#439  from Innovative Leader Volume 8, Number 12          December 1999

Does Logic Stifle Creativity?
by Stephen R. Grossman

Mr. Grossman is President of Double Dominance, Inc. a creative problem-solving company in Maple Shade, NJ (phone 609-779-0702).  He is author of Innovation, Inc. (Wordware Publishing, Plano, TX, 1988). www.consultants-mall.com/grossman.htm

I always carry my umbrella when the weatherman says it’s going to rain.  Last night, the weatherman said it was not going to rain.  Today, I’m carrying my umbrella.

Am I being logical?

Most people would say no.  However, there’s nothing illogical about the above statement.  I never said I didn’t carry an umbrella on days it wasn’t supposed to rain.  My behavior may be silly and unreasonable; but, based solely on the information I gave you, it’s not illogical.

If you think this little exercise was something only a lawyer could love, you’re not alone.  Many people (including some who are experts in the mechanics of our thought processes) believe that logic is a limiting system to finding wonderful creative solutions to complex and difficult problems.  They see creativity as a magic, inspirational, intuitive process that only can be stifled by the drab, time-consuming, linear progression of logic.

Frankly, they’re not being logical.

Logic

Most of us fear what we don’t understand, and logic is no exception.  Far from being a limiting factor, logic can be the catalyst for actually dislodging the wonderful “Aha?” that lies imbedded in the recesses of the unconscious mind.

Logic is nothing more that conditional reasoning.  We start with a set of preconditions that must not be violated on our path to a solution; just as my carrying the umbrella on a sunny day did not violate the statement, “I always carry my umbrella when the weatherman says it’s going to rain.”  The fact that it is unreasonable of me to carry an umbrella on a sunny day is irrelevant.  “Reasonableness” or “rationality” are value judgments and only can mislead when applied to logic.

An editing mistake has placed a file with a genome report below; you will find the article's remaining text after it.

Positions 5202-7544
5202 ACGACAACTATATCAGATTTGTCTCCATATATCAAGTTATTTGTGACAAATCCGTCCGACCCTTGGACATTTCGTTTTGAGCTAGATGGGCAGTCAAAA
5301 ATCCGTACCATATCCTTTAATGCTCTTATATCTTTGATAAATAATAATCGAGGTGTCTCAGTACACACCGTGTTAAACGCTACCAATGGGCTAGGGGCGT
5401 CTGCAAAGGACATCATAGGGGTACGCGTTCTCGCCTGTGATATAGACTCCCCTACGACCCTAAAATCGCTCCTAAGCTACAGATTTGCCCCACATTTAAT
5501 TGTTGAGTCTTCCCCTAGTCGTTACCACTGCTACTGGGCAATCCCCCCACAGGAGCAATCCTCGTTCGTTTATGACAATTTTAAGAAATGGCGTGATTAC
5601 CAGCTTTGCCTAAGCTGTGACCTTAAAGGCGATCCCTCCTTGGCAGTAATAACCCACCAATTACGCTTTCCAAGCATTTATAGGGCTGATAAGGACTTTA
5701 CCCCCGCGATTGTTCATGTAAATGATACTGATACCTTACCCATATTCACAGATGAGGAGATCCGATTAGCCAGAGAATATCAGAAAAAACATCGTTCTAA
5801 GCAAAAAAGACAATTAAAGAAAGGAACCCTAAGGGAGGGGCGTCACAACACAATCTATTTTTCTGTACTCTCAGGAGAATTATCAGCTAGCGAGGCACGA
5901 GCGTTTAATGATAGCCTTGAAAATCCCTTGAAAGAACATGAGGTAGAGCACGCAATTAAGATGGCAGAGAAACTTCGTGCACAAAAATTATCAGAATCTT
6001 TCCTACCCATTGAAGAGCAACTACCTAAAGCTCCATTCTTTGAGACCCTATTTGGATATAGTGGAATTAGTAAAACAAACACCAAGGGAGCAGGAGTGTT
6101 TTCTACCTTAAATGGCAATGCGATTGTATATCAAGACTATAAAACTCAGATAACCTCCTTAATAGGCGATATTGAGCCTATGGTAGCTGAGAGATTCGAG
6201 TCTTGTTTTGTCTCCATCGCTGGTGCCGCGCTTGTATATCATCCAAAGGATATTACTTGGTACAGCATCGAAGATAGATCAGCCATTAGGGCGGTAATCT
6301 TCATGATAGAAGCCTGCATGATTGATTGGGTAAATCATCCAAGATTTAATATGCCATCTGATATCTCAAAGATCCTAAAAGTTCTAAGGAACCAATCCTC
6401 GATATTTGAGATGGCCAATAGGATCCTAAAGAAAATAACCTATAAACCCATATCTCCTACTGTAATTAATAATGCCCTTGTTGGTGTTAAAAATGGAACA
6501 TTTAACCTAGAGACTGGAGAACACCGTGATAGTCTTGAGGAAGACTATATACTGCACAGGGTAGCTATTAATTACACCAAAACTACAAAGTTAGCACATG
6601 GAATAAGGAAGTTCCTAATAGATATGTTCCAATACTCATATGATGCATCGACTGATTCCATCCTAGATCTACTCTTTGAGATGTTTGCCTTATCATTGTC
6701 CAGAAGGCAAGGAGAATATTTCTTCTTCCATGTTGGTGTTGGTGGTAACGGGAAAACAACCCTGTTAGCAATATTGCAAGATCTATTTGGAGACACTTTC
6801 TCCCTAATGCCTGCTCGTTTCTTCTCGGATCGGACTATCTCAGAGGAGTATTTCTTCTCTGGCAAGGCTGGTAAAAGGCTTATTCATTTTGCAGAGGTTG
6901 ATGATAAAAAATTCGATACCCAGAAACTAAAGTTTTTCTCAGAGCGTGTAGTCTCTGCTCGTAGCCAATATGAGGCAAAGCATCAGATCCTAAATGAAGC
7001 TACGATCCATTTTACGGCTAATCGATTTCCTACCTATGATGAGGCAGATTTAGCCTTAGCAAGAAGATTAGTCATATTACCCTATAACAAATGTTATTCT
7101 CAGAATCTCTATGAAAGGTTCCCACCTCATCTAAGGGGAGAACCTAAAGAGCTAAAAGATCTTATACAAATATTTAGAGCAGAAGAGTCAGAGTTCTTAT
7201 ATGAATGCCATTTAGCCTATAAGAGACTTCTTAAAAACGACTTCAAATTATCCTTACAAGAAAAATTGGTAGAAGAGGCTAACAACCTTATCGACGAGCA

A logical train of thought must follow three rules:

1.  It must be sequential.  When going from A to Z, you must go from A to B, then B to C, and so forth.  You may not jump directly from A to C.

2.  Each step of the process must be correct.  If one of the steps violates the preconditions, the entire process is wrong.

3.  You may only use problem-relevant information.  We must stay within the boundaries and guidelines given by the criteria of the system.

Sounds pretty inflexible and uncreative, doesn’t it?  Now, let’s look at the creative process.  Although there are many definitions of creativity, we’ll use the one that’s commonly used by the anti-logic camp: “The creative process is a problem-solving act that involves a shift in perception--a sudden inspiration that develops a totally new way of looking at the problem.”

Non-logical?

For example:  A paper towel manufacturer wanted to increase sales, so they asked their designer to come up with a solution that would make the product more “personal.”  How do you make a mass-produced product, like a paper towel, deliver a “personal” message to millions of consumers?

The designer spent many sleepless nights working on that problem.  Finally, one morning while she was putting on her makeup, she realized that her mirror was a perfect example of what she was looking for.  Millions of people could own the same generic mirror, but each mirror would impart a unique message to its owner--the reflection of their own face.